"Broken Promise Land": A series of monologues based on women in Tijuana, Mexico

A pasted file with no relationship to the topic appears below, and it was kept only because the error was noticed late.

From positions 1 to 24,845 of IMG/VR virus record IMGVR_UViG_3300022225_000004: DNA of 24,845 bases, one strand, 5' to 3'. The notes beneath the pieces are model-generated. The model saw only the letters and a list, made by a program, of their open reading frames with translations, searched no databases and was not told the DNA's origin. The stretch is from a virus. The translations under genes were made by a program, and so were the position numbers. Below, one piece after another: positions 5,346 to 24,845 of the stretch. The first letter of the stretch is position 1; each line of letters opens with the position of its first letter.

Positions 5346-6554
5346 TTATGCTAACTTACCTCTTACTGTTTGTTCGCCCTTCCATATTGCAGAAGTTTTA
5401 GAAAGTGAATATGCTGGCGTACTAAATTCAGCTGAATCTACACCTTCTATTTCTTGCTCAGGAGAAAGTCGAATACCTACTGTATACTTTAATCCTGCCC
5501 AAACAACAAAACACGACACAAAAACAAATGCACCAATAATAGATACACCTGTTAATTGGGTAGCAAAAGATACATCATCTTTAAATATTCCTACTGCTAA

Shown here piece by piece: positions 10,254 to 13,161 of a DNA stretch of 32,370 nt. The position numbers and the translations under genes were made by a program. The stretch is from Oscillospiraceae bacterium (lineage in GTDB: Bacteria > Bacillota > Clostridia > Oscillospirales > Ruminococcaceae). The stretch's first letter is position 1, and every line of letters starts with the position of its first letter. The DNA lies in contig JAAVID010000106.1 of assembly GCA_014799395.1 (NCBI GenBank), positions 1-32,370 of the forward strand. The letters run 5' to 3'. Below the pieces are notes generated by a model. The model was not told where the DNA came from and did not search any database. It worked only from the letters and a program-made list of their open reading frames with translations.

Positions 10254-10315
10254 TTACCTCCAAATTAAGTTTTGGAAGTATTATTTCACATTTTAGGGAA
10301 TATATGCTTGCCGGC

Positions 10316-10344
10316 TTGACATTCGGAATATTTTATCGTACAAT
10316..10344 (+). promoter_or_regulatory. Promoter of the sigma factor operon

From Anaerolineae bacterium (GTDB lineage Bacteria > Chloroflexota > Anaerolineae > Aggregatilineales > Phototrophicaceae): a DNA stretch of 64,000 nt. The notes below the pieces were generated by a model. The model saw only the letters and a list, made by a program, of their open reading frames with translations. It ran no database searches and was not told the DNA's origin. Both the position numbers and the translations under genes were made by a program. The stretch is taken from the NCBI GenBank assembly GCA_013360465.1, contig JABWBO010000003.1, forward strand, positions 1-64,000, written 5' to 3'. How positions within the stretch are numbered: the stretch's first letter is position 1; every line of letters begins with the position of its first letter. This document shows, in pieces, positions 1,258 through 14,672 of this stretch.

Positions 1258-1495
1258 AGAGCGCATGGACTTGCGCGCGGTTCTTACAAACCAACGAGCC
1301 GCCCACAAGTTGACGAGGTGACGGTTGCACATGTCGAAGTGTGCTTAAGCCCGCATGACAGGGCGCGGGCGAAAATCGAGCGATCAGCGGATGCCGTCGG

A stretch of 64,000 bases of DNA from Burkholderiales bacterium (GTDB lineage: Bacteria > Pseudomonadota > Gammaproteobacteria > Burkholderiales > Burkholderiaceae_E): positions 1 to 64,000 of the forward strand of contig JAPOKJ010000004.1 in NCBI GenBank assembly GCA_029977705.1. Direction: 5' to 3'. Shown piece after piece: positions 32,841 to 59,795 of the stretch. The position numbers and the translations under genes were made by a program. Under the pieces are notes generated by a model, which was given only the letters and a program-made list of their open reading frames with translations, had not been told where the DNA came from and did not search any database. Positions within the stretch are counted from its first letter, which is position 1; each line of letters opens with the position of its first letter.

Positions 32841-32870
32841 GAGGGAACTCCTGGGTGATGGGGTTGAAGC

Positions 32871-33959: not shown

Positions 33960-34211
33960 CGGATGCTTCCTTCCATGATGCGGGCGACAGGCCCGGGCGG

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The first ideas for my SIP came from two places. During the summer of my Junior year I wrote a research paper about the affects the Maquiladora industry had on women in Northern Mexico. Maquiladoras are large factories that employ mostly women between the ages of 18-24 for five dollars a day. As a result of NAFTA, these industries are prospering by exploiting Mexican labor. I became interested in the role that women played, and the great migration to Northern Mexico. This reminded me of the experiences I had the summer after my first year at "K". I volunteered for two months at a shelter for illegal woman and children in El Paso, Texas. The women I met had incredible stories and fascinating lives of transition, relocation, hope, and desperation. The stories amazed, excited, and saddened me and I could not forget their faces nor their lives. In the fall, when I began form ideas about my SIP, I didn't know how I wanted to explore Mexican women on the border. I could have done social research, but, I hated the formality and the outside look that social research takes. I didn't feel appropriate making judgments and generalization about another group of people. I knew that I wanted to bring their stories and voices out, but not to be analyzed, simply expressed to a population unfamiliar with the issues at our southern border. I was taking a Fundamentals of Acting class with Adrianne Krstansky at the time, and I loved it. I enjoyed and worked hard in the class and it sparked an interest in me. So, I began to think about the stage. I ran into Adrianne's office and told her about these women and their stories, and she suggested writing monologues. From that point, I knew that a series of monologues based on the stories of the women on the border would be the direction I need to take with my SIP.